Because I was an English major, and taught by faculty who focused heavily on language, I came out of college thinking that in literature, the style of a novel or story or poem should support the substance. Words should do the double duty of conveying literal meaning, but also characterizing a person, or creating a mood, or pulling a thematic thread throughout the work. I think the best books do that. But even writing that phrase "best books" feels reductive. Maybe great books is a better phrase. Even by saying "great books," I realize I'm making a personal judgment sound like an abstract one. It's still personal. The books I personally love best do this: Mrs. Dalloway. The Poisonwood Bible. A Visit from the Goon Squad. Possession. And yes, The Corrections. (All, with one glaring exception, by female authors.)

I think it was Glen Weldon on the episode of Pop Culture Happy Hour that described Isaac Asimov's prose as "workmanlike." That's how I felt about Good in Bed. When describing a character, Weiner sometimes (not always) gave a list of physical characteristics or clothing that (I felt) were meant to help me visualize the person rather than help to characterize the person. Early in the book, the main character literally looks in the mirror and describes herself. That's all fine; it's just not what I enjoy reading.

I also feel that great books should be, in some way, challenging. Take A Visit from the Goon Squad. Did the chapter told in PowerPoint slides put me off? Yeah. But the rest of the book was so creative and good, and gave me so much to think about, that I accepted it. I guess I can let slide a lot of other things if I feel like either a) the prose is beautiful enough to carry me through, b) I feel like I can trust the author when things get a little screwy, or c) both. Sometimes there are things I might not get; sometimes there are insights a reader might have that the author never thought about. No two people will ever really read the same book.

Also, one of the reasons I read is to learn about, or live for a little while with, ideas or people I didn't know anything about before - to have new experiences. I don't always want to read about people like me, though I have, and that's fine too. I guess I could contrast that with the fact that I don't necessarily want to read a kind of fantasy fulfillment plot, which is how I felt about Good in Bed. I was totally on board with a book about a woman I didn't have too much in common with, until unlikely coincidences and great fortune steered the book into romantic-comedy territory. I am not knocking romantic comedy - I guess I just prefer it in film.

Coming back to the gender question, I didn't feel one way or the other about how either Franzen or Weiner wrote their female characters. I didn't particularly recognize myself or any of the women I know in either Cannie Shapiro or Patty Berglund, but that wasn't central to my enjoyment of either book. (I will say, though, that I wish the daughter Jessica in Freedom had either gotten more attention or been left out entirely.) I don't think that either was a "truer" representation of women. I also know several intelligent people who would probably disagree with me there.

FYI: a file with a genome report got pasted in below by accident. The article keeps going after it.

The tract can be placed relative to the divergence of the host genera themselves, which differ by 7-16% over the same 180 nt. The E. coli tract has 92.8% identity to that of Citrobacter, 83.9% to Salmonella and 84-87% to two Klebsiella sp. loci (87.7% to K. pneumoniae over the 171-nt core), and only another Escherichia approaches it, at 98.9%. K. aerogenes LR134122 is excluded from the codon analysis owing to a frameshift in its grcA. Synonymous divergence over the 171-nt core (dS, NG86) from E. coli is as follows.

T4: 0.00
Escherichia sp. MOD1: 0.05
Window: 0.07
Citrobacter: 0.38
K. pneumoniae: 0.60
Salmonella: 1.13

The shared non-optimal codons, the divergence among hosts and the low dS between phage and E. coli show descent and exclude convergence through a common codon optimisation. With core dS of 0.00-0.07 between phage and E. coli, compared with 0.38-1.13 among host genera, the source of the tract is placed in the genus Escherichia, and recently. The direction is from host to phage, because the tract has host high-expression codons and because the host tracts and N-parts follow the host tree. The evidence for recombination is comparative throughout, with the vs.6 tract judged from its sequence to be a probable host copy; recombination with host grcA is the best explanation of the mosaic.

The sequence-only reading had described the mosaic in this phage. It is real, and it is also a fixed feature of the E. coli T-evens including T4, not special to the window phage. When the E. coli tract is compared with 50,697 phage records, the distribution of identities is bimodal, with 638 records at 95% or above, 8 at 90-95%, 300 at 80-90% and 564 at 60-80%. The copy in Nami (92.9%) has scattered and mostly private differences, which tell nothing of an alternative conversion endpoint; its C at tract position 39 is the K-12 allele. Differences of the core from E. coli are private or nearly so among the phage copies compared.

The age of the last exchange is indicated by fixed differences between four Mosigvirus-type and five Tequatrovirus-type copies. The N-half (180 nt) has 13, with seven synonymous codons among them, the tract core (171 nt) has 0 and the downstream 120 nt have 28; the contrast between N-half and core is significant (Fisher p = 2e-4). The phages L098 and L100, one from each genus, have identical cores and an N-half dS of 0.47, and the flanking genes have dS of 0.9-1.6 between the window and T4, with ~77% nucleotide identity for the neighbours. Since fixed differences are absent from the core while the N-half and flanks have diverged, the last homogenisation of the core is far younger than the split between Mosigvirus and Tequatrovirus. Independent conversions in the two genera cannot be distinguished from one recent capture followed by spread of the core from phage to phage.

I have no doubt that there is male bias at both NPR and the New York Times Book Review, because there's male bias in every part of our society. Both men and women are guilty of it, and women should demand equal coverage in these outlets. Equal coverage, but honest reviewing. And this is where it gets tricky. Because what gets a good review? Are reviewers privileging male voices by reviewing male authors' books well? Maybe there is some of that going on, but I think the problem is that there's an idea of abstract goodness or badness.

I read book reviews in a professional capacity - I have to decide what to buy for the library. That's why I appreciate review publications like Library Journal, that identify books as "for fans of X author" or "readers of Y type of fiction" rather than ranking them in some kind of literary hierarchy. They're subscribing to two of S.R. Ranganathan's five laws of library science: Every book its reader; Every reader his [or her] book. There are readers who like Good in Bed; I don't happen to be one of them. There are readers who like Freedom; I happen to be one of them. I don't think anyone should be forced to read something they don't enjoy just because some outside person or publication says it's the best book ever.

I'll leave it there. I could go on even longer (!) about several ideas in this post, and I probably will in the future. If you're still reading, thanks for indulging my desire to write about things I think about. That's what I really love. A Room Full of Books: back with a vengeance!